Cooking the Whole Plant: From Root to Petal

The Forager Chef’s Book of Flora opens up a whole new menu of ingredients just waiting to be found.

The Forager Chef’s Book of Flora
Photography courtesy of Chelsea Green Publishing

Chances are, if you look around closely, there’s an edible plant (or fungi) near you right now. From the mushrooms dotting the forest floor to the wild blueberry and raspberry bushes growing along a hiking trail. There are wild ramps and tender greens and nuts and seeds all around us, if you know where to look. Heck, even the dandelions on your lawn are edible, if you treat them the right way. 

With his new cookbook, The Forager Chef’s Book of Flora, Chef Alan Bergo explores not just the variety of plants that surrounds him near his Minnesota home, but the full scope and every part of those plants. Similar to the “nose-to-tail” ethos of cooking meat, Bergo embraces a “whole plant” philosophy when he cooks and forages for ingredients. And it all started with a squash growing in a friend’s garden. 

“I looked at the shoots and I was like, ‘this looks so delicious. I have no idea what this plant is, but I want to eat it,” he says. After discovering that the shoots were early squash vines, Bergo started researching and finding recipes that revolved around all parts of the plant. A girlfriend’s stepfather shared a Nepalese curry recipe that called for squash vines. He tinkered with a soup from Oaxaca with squash shoots and masa dumplings. The squash is the finished product many of us are used to, but Bergo says that’s a relatively new and privileged way of thinking. “If you are operating in a subsistence way, where you need food, are you going to wait until that squash is completely ripe? Or are you maybe going to thin some of the vines… and harvest food from that plant through the entire growing season?” Now, Bergo says that foraging taught him about vegetables, as he sees them through their whole growing season.

Bergo now forages and creates recipes full-time on his website, embracing the seasonality of the ingredients, he says this way of looking at food and plants took some time to fully develop. He describes it as an instinct, one that can be cultivated with time and practice. He jokes that his book is less a prescriptive, precise collection of recipes and more of a “teach a man to fish situation.” Besides, Bergo says, the very act of foraging is an adventure, a way to channel your inner Indiana Jones. “It’s a total rush. I feel like every day I’m out there just hunting treasure.”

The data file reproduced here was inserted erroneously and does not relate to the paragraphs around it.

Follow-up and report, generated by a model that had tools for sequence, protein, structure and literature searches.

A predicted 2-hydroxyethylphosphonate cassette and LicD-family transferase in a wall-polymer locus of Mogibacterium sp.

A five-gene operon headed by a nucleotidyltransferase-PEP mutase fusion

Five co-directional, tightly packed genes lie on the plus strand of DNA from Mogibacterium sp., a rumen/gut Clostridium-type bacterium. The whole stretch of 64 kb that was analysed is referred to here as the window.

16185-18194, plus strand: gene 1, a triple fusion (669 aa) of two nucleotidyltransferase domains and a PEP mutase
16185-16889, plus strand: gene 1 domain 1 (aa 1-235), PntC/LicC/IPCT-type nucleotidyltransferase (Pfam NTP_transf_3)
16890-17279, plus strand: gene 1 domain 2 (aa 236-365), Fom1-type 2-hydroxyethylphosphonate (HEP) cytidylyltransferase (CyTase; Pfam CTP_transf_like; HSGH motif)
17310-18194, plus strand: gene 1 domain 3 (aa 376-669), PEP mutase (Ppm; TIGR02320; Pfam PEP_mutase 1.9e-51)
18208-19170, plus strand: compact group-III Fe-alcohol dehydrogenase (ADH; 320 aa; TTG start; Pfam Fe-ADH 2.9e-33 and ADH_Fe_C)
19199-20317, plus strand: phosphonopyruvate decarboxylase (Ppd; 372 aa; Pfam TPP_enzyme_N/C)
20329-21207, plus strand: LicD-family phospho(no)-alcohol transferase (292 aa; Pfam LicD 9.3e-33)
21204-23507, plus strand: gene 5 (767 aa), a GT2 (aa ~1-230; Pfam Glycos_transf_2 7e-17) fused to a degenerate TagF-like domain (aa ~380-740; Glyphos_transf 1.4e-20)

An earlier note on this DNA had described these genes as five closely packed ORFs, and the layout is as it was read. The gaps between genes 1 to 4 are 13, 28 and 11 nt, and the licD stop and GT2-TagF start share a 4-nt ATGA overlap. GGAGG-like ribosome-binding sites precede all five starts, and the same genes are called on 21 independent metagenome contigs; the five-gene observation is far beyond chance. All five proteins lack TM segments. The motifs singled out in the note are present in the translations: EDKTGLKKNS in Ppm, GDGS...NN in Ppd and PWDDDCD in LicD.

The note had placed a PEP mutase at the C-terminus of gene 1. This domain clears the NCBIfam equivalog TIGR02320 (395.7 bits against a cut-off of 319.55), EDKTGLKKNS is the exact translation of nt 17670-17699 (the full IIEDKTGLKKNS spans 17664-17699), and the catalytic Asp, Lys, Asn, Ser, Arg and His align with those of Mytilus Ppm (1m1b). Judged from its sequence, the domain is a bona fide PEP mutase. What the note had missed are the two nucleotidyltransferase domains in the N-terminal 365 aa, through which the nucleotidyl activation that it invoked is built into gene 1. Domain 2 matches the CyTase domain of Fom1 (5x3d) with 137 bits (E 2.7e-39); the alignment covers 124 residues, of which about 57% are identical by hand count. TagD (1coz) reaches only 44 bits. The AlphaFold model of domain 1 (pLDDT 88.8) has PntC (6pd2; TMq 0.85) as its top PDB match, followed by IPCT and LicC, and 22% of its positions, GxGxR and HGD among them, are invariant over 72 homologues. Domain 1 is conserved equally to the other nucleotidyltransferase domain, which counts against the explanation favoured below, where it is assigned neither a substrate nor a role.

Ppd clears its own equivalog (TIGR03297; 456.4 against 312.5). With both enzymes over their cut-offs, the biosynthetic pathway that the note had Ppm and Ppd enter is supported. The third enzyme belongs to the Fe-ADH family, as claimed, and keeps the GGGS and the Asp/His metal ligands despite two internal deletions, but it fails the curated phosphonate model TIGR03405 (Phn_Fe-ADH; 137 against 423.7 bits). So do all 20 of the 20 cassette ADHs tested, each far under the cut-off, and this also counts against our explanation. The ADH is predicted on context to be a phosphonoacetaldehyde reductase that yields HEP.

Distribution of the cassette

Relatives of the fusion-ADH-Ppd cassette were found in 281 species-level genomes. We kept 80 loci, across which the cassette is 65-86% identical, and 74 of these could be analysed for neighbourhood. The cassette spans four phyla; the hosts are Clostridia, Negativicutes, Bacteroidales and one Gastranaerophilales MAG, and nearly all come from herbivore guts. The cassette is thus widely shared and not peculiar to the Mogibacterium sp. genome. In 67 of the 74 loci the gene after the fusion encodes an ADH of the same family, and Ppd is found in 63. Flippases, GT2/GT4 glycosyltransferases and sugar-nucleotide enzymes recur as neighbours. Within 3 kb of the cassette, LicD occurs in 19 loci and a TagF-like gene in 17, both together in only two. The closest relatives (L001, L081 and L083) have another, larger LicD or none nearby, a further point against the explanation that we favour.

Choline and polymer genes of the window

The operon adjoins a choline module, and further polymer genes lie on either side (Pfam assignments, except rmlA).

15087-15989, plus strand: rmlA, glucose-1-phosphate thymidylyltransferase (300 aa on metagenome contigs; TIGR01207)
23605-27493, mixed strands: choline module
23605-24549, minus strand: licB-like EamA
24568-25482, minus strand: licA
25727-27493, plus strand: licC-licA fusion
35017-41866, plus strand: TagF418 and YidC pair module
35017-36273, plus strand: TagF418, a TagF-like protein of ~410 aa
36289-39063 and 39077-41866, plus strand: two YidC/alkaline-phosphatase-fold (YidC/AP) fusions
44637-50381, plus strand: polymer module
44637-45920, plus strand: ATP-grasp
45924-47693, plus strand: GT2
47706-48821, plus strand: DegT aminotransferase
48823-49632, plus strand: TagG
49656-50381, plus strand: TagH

Bergo’s love of the treasure hunt began when he was working in restaurants around the Midwest. He used to negotiate with the owners, begging for one day a week to go out into the wilderness and bring back his catch to put on the menu. “I felt kind of like I was playing hooky a little bit,” he says. “I was going outside and playing all day and digging in dirt and really feeling the ingredients more than when I was specifically cooking with them.” Those adventures pushed him to take chances with his menu. It’s something he encourages other chefs to do, though he admits it’s easy to get used to having reliable growers delivering produce right to your door.

Alan Bergo’s new cookbook comes out June 24. Photo by Adrian Danciu

“When you’re a chef, it’s almost like you’re lord of your own little kingdom. And that is a very comfortable place to be,” Bergo says. “I can put an order in and have anything delivered to me at a time of my choosing, the place of my choosing. I have everything at my fingertips.” 

Bergo wants to inspire people to step outside of their kitchen comfort zones, even for a few steps. He organized his book not by season, but by the function and taste of the plant. That way, many items in recipes are interchangeable. Can’t find nettles? That’s ok! If you have lambsquarters, or amaranths or even kale from the grocery store, you can make it work. The book aims to teach you how the flavors of the plants work together. 

That’s not the only thing that sets his cookbook apart from others. Like many tomes about foraging, this one also comes with a warning. Bergo says inexperienced foragers should ideally learn from a more seasoned instructor or use his book in conjunction with a field guide. Among all the edible plants waiting to be plucked, there are some that are poisonous or dangerous. (Bergo recalls getting a rash on his face after an unfortunate incident involving the sap from wild cow parsnip.)